Monday, May 5, 2008

Freedom Day


May 4: remembrance day
May 5: freedom day

I remember

And I've

learned from the past

that war is no


And I stand up for freedom


each and every citizen of my country

and of the


In The Netherlands we have a logical but unique combination of days: may 4 and 5: remembrance day and freedom day.

On June 6, 1944 in Normandy a huge military operation started to free europe from german occupation.

A huge number of troops landed.
The soldiers came from England, Canada, Australia, America, Poland, The Netherlands and many more european countries.
Young men who had been able to flee to England had joined the forces there to take part in liberating Europe.

Many lost their lives, others made everlasting friends here and returned every year to commemorate the dead at may 4th and celebrate freedom at may 5th.

In September 1944 the allied forces began a huge offensive action against the German occupiers in The Netherlands.
They were joined by the resistance.
Parts of the south were freed, but it took longer to free the complete country.
Many Dutch people suffered from hunger during the winter and some cities sufferent all the problems of being a frontline city. (Including the town where I live.)

On May 5, 1945 the german army surrendered and our country was considered free.
It was unknown at the time that at Texel a group of Georgian soldiers were fighting the german army.
This battle ended two weeks later.

May the 5th is a day of celebrations of freedom all over the country.

The day starts traditionally with the ignition of the "Fires of Freedom".

Yesterday evening the fire was lighted at Wageningen and during the night and the morning of may the 5th the fire will be brought to 80 cities around the country. See here.

Prime Minister Balkenende will light the freedom fire in Rotterdam (Each year a different city) and that's the start of the celebrations.

There is something to do for each agegroup.
Children engage in competitions who have the nicest decorated bike, for instance.
Young people can attend free concerts which are held all over the country.

And parades are held.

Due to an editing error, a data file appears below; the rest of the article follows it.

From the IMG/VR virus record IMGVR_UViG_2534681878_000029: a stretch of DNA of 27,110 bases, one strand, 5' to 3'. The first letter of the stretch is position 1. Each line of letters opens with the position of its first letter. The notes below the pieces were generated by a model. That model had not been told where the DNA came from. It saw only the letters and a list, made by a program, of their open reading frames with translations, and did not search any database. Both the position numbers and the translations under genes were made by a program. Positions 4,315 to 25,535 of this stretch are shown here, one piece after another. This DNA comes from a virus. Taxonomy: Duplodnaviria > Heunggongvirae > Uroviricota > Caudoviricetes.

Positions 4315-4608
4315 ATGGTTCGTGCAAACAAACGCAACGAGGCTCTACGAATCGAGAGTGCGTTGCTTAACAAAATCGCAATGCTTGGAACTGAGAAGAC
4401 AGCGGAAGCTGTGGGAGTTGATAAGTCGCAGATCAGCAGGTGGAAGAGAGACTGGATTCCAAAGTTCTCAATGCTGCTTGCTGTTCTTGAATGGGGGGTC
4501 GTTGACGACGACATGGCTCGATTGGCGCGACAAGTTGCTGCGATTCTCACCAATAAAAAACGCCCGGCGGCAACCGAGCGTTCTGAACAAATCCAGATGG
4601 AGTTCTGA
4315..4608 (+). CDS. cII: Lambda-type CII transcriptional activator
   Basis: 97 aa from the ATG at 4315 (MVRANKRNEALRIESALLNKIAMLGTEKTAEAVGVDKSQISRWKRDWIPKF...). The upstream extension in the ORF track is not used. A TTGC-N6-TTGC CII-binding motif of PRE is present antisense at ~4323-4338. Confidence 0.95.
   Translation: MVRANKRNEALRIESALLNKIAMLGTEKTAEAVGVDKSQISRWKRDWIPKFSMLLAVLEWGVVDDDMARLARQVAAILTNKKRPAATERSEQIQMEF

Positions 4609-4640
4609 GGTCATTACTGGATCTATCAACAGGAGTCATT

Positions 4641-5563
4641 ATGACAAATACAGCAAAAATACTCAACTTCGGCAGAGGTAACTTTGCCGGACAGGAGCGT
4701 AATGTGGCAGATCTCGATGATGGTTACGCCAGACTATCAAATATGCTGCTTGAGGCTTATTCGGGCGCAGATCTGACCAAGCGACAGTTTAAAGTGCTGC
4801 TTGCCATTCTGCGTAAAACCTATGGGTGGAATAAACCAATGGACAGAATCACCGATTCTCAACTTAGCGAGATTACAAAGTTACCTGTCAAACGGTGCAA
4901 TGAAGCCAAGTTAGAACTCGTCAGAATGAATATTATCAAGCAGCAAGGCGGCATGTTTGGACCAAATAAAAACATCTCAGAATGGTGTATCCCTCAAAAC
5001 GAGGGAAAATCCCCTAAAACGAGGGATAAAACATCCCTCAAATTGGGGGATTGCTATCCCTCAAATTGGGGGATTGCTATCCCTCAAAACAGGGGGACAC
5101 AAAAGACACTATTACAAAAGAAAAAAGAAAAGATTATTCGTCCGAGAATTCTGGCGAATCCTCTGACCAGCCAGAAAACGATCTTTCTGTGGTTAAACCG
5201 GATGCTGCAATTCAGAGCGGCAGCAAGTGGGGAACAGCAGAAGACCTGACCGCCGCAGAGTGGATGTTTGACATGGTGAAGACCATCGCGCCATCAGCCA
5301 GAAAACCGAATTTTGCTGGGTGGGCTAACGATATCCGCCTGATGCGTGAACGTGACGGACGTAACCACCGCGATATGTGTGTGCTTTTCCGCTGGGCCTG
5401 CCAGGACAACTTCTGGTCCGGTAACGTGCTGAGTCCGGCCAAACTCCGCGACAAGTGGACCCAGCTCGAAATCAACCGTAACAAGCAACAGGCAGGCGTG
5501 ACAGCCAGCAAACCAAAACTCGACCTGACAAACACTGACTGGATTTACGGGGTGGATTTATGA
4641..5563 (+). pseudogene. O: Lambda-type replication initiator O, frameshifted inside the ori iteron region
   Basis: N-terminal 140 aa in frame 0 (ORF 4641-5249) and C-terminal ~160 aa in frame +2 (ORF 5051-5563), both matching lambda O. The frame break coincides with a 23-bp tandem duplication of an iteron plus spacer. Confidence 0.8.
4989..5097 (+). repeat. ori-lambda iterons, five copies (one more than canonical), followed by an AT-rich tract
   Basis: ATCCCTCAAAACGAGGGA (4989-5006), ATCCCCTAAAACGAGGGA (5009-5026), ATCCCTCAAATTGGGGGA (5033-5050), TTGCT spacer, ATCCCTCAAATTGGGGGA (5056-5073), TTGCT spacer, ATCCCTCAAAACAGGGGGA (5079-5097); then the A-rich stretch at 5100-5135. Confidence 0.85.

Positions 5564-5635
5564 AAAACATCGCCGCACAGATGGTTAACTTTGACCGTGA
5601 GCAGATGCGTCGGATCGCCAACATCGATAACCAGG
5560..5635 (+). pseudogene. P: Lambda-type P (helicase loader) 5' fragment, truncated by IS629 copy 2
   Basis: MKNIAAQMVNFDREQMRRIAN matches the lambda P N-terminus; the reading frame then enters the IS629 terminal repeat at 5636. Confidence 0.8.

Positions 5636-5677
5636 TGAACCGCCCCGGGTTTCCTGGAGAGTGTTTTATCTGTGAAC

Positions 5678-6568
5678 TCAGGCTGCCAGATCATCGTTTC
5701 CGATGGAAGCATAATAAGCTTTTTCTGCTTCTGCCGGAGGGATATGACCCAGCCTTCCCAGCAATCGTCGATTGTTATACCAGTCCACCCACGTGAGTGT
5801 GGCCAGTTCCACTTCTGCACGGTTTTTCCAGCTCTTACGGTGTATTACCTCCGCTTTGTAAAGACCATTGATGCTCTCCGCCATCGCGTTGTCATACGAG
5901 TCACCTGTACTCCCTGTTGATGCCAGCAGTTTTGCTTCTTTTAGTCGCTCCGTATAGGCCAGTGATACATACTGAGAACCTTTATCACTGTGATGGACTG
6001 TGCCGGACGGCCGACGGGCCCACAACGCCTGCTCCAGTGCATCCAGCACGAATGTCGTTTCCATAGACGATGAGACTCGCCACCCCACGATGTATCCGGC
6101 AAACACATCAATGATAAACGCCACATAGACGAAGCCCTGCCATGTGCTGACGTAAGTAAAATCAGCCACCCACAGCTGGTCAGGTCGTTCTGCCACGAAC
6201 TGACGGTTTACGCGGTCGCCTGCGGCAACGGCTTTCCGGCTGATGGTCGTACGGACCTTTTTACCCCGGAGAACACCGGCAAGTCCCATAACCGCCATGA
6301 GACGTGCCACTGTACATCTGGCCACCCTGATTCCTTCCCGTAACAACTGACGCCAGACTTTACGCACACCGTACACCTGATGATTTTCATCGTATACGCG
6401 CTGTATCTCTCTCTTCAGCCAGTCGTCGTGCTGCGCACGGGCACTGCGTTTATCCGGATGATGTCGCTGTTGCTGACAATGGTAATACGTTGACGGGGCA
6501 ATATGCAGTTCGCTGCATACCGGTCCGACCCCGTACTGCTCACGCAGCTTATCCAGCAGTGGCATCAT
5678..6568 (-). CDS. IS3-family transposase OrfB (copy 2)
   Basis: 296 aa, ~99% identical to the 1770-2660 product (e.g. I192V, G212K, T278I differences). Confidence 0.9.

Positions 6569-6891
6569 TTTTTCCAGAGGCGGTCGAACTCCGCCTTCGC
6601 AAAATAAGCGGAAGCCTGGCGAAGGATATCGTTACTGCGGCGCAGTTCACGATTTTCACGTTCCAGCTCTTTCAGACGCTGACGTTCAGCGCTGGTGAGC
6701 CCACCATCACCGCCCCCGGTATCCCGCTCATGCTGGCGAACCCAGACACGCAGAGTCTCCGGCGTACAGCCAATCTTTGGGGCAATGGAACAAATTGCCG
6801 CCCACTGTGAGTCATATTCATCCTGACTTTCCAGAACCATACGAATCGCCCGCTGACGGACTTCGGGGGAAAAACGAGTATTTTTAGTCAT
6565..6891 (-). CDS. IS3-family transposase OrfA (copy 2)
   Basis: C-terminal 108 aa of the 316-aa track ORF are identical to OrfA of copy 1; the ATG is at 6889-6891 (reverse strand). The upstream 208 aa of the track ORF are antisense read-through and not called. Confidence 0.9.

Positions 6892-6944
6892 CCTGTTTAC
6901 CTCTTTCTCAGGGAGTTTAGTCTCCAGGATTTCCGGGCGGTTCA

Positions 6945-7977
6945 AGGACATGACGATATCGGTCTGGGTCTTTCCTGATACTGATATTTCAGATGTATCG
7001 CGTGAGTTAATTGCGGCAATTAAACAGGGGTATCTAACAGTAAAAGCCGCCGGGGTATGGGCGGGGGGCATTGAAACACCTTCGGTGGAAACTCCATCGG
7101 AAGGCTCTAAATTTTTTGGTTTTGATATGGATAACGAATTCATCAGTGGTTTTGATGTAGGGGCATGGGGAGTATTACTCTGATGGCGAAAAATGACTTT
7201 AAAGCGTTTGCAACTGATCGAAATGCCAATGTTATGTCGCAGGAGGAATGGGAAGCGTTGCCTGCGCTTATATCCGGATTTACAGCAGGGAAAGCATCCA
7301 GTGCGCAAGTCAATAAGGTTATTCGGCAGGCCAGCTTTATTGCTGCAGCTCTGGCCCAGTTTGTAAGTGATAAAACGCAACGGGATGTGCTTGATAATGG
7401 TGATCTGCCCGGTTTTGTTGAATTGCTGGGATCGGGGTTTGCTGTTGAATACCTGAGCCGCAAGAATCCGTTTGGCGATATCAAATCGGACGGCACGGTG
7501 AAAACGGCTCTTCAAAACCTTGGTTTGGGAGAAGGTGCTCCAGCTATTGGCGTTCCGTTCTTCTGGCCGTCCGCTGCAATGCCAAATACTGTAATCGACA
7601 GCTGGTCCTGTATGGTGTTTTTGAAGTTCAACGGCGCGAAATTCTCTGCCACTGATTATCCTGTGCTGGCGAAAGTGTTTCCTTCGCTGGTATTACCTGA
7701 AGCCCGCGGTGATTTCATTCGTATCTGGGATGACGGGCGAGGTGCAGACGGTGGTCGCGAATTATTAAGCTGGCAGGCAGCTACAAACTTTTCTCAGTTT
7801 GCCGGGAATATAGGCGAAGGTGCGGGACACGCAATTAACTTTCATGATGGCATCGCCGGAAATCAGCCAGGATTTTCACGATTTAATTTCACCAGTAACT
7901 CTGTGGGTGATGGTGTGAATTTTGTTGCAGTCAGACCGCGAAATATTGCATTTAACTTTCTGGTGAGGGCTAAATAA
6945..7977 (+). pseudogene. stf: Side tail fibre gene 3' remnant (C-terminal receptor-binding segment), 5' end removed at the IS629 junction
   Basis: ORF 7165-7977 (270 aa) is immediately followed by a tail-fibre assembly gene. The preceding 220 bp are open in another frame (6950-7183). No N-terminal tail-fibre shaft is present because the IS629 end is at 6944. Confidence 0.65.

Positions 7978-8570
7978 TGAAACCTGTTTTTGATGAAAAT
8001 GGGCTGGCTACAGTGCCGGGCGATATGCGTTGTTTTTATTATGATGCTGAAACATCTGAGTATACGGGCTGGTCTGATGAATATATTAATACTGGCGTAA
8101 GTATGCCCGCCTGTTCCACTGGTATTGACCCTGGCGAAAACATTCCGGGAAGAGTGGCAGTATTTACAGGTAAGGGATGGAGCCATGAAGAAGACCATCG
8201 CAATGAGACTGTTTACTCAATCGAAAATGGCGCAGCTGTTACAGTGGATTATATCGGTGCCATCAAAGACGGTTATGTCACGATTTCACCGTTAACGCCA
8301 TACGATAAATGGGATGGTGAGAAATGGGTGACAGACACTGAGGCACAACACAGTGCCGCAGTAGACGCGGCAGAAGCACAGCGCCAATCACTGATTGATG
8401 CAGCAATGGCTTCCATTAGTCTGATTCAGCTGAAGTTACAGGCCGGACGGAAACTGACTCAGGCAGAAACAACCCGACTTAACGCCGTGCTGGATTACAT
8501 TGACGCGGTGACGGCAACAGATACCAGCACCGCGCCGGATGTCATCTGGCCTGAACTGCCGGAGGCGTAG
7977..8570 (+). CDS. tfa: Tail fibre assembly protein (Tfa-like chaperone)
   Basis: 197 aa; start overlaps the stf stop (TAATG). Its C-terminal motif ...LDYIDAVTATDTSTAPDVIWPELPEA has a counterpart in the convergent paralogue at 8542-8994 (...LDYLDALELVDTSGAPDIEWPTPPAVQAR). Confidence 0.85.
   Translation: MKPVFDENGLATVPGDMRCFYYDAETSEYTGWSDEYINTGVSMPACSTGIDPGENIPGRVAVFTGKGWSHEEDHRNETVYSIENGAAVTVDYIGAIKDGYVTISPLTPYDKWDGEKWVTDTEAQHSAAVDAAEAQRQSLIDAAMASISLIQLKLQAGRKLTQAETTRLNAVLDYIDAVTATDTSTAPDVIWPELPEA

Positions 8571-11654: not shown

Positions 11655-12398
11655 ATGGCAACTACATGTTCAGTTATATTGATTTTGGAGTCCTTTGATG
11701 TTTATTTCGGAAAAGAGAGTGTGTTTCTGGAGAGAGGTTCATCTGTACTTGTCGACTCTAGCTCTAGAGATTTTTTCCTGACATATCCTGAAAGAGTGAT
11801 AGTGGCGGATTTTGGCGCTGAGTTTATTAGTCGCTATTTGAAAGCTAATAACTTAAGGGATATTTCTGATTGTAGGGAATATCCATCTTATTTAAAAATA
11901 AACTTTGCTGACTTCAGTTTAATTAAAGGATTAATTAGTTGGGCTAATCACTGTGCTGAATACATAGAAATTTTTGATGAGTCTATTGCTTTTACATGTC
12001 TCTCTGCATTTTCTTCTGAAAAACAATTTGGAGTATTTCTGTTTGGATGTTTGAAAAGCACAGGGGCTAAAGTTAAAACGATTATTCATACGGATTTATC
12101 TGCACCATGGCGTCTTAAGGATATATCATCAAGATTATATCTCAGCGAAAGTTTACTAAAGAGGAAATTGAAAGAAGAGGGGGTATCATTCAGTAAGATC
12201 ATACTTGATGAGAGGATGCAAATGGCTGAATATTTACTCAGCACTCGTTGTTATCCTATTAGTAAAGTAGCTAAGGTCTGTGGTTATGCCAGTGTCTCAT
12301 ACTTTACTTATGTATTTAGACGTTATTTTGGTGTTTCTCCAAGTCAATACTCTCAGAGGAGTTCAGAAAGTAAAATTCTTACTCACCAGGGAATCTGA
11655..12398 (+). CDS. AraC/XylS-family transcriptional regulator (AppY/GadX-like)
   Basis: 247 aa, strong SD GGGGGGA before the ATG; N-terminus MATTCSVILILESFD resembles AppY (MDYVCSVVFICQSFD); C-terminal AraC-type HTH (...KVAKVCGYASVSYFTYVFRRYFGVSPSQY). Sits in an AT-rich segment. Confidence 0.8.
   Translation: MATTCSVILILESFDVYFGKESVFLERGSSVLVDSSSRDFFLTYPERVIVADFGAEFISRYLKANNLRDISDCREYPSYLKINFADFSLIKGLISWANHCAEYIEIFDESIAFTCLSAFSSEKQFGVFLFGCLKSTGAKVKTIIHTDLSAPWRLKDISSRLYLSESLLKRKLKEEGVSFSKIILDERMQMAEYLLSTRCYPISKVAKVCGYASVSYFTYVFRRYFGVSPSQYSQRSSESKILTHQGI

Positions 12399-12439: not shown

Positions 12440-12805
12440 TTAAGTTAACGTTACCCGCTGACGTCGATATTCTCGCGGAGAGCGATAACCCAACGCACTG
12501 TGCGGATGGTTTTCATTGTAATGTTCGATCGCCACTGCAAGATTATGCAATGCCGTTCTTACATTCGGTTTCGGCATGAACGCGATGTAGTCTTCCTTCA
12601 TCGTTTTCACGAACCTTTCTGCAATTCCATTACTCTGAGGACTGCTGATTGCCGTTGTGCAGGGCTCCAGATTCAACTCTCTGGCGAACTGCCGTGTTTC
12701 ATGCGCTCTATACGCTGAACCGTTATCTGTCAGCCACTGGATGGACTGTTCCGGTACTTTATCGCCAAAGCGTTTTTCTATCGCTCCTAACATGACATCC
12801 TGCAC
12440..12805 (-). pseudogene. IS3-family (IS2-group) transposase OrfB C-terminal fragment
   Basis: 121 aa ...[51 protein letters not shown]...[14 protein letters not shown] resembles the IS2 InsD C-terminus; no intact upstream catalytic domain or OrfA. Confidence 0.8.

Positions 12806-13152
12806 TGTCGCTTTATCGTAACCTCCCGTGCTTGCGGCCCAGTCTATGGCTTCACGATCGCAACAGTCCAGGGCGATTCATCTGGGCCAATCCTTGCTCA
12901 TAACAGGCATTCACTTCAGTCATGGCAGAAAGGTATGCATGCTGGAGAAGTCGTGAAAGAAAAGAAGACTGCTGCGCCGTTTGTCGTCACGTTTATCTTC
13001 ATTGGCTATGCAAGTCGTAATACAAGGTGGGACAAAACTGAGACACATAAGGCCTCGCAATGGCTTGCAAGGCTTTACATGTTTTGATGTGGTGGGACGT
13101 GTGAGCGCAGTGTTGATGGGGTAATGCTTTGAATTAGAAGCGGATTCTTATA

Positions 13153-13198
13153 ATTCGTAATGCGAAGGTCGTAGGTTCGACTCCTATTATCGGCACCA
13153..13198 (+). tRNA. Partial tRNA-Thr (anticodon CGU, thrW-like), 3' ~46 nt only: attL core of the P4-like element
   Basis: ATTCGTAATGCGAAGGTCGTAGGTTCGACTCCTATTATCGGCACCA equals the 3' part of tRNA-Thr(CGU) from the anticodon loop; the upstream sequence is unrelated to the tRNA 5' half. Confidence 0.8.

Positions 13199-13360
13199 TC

We love to celebrate with the veterans, to thank them for our freedom.
Each year many visit our country just for may 4 and 5.

The most known parade was the one at Wageningen.
Prince Bernard was from 1988 - 2004 the Parade Inspector and took the salute. He passed away in December 2004.

The year after Crown-Prince Willem-Alexander, following the wishes of his grandfather, took the salute in Wageningen at the last march-past of veterans, former resistance fighters and troops during the commemoration of the liberation.
The National Committee Commemoration Capitulations 1945 Wageningen organized the event.

It was said that this would be the very last time that the march-past was held in Wageningen. But many Dutch were sure that an event like this would take place this year too.
And they've been right. Even though we want to respect the wishes of Prince Bernard.

The parade isn't the same any more.
It can't be.
Each year less veterans are able to attend, but we keep the memories alive ad we trie to adjust the festivals to the present times.
So it won't be a veterans march-past, but a huge event, with the theme: Freedom can only made together.

At the place where the people gather for the march the historical vehicles will be on display, and there will be many performances, including reenactment of warscenes and freedom events.
There will be lots of information about musea, organisations for a better world. Including Amnesty International, Terres des Hommes and WarChild.

After that the freedomparade, "Vrijheidsdefilé" will start.